So hes stupid only because he had a lot to lose and not because what he did was wrong? Now I'm not a hunter myself but I do like cheesburgers and I have been to slaughter houses where cows were killed and NEVER have I seen one beaten to death or electrocuted. For the record, if I am to be murdered I choose an air gun to head to being drowned... But thats just me. Well, I thought I was clear that I don't think what he did is in any way good. It's just that it's not any more brutal than a lot of other shit. And I like cheeseburgers, too. I have also slaughtered an animal and eaten it. It was brutal, too. But killing anything is brutal. There's a double standard here - and it's not just because he drowned dogs. And a lot of farms use electrocution in killing livestock. I just don't think that it's worse than doing things to people, which other NFL people have done - and that's a precedent. These guys still go to work. Vick deserves trial by the same standards, I guess. I mean, I read a story about a 12 year old that cut out the eyes of a golden retreiver then set the dog loose to wander in pain. Some locals said it was unfair to ruin a boys life by making a big deal about an animal. My thought was what will this sociopath do when animal victims arent enough to satify whatever urge made him do this? You cant predict the future, but you can sure follow clues that something is seriously wrong. Well, I know there's a link between the behaviour as popularized in serial killer lore, but I'm not thinking locking Michael Vick up is helping prevent him from specifically harming people. It's about operating a interstate dogfighting operation - that's the bulk of the charges.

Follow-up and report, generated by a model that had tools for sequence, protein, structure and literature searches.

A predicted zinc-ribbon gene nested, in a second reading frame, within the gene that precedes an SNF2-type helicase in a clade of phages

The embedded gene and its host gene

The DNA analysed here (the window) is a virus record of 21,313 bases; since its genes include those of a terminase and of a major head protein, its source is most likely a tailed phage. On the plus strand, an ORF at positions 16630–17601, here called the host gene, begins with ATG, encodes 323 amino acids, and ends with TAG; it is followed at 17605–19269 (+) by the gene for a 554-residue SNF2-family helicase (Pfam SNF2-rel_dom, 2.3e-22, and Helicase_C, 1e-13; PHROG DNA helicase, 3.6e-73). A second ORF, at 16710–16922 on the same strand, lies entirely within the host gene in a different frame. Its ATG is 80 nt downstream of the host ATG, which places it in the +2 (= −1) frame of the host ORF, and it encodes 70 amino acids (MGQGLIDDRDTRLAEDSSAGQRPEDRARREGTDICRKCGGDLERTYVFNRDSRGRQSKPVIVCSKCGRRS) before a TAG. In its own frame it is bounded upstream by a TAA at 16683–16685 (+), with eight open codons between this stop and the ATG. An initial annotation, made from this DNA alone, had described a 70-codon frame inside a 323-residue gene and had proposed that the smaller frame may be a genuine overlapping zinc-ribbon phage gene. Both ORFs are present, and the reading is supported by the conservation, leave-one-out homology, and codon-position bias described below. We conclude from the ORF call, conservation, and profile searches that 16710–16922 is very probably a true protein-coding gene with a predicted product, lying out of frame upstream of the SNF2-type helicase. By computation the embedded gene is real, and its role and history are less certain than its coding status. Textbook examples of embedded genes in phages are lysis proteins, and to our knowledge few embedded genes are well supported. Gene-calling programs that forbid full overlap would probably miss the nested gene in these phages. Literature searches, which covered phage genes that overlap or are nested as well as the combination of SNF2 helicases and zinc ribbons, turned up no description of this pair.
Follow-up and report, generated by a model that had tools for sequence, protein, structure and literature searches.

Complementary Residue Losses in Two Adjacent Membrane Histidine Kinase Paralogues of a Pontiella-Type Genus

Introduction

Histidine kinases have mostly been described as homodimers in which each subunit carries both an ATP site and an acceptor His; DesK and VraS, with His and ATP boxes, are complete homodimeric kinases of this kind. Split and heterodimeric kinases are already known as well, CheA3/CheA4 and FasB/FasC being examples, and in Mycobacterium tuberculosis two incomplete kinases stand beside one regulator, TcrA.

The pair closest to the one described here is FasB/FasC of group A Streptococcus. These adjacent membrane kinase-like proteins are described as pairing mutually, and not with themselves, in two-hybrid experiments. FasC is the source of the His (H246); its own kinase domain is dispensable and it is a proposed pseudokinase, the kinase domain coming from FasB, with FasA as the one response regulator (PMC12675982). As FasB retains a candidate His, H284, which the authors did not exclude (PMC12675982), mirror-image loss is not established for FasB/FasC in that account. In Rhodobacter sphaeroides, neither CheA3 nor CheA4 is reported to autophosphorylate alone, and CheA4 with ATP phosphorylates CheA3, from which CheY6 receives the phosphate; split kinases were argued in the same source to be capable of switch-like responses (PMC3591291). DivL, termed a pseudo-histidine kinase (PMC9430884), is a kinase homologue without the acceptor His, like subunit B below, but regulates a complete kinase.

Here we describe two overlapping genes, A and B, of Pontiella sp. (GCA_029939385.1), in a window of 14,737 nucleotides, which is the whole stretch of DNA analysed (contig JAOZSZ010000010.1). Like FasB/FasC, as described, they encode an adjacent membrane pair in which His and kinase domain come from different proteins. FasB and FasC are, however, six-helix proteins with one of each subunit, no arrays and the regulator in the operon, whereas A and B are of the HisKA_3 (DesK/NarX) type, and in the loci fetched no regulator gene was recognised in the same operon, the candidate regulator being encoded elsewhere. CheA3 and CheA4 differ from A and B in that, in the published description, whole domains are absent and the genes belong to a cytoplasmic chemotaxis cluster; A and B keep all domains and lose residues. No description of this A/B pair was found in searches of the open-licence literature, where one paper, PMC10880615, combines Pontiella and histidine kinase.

posted by WeedyMcSmokey at 08:41 PM on August 22

Weedy, I don't think the real issue with people's reaction of distaste and horror has to do with dog fighting per se, but rather with the question of what motivated Vick and the others to dispose of these dogs, and the methods used. I think that these animals, while having to die by any means was wrong, certainly could have been killed in any number of more humane ways. The way they were killed speaks to some much darker motivation that reeks conspicuously of being of some pleasure to these guys. A gunshot to the head would have been sufficient. These animals were intentionally made to suffer. They weren't necessarily getting rid of fatally injured dogs, just ones that didn't suit their needs. And they certainly weren't being used to feed anyone or to serve some greater noble purpose. They simply took up space and didn't make money. Al Capone was charged and convicted with tax evasion, but I think just about everyone may agree that he was a person who could be responsible for some extremely horrific acts against his fellow man that went beyond just capping a guy. Make no mistake, I wouldn't be about to compare Vick to Capone; just trying to show a simile in the nature of the legal cases. Nor do I think that your view is wrong, but perhaps to clarify a different perspective.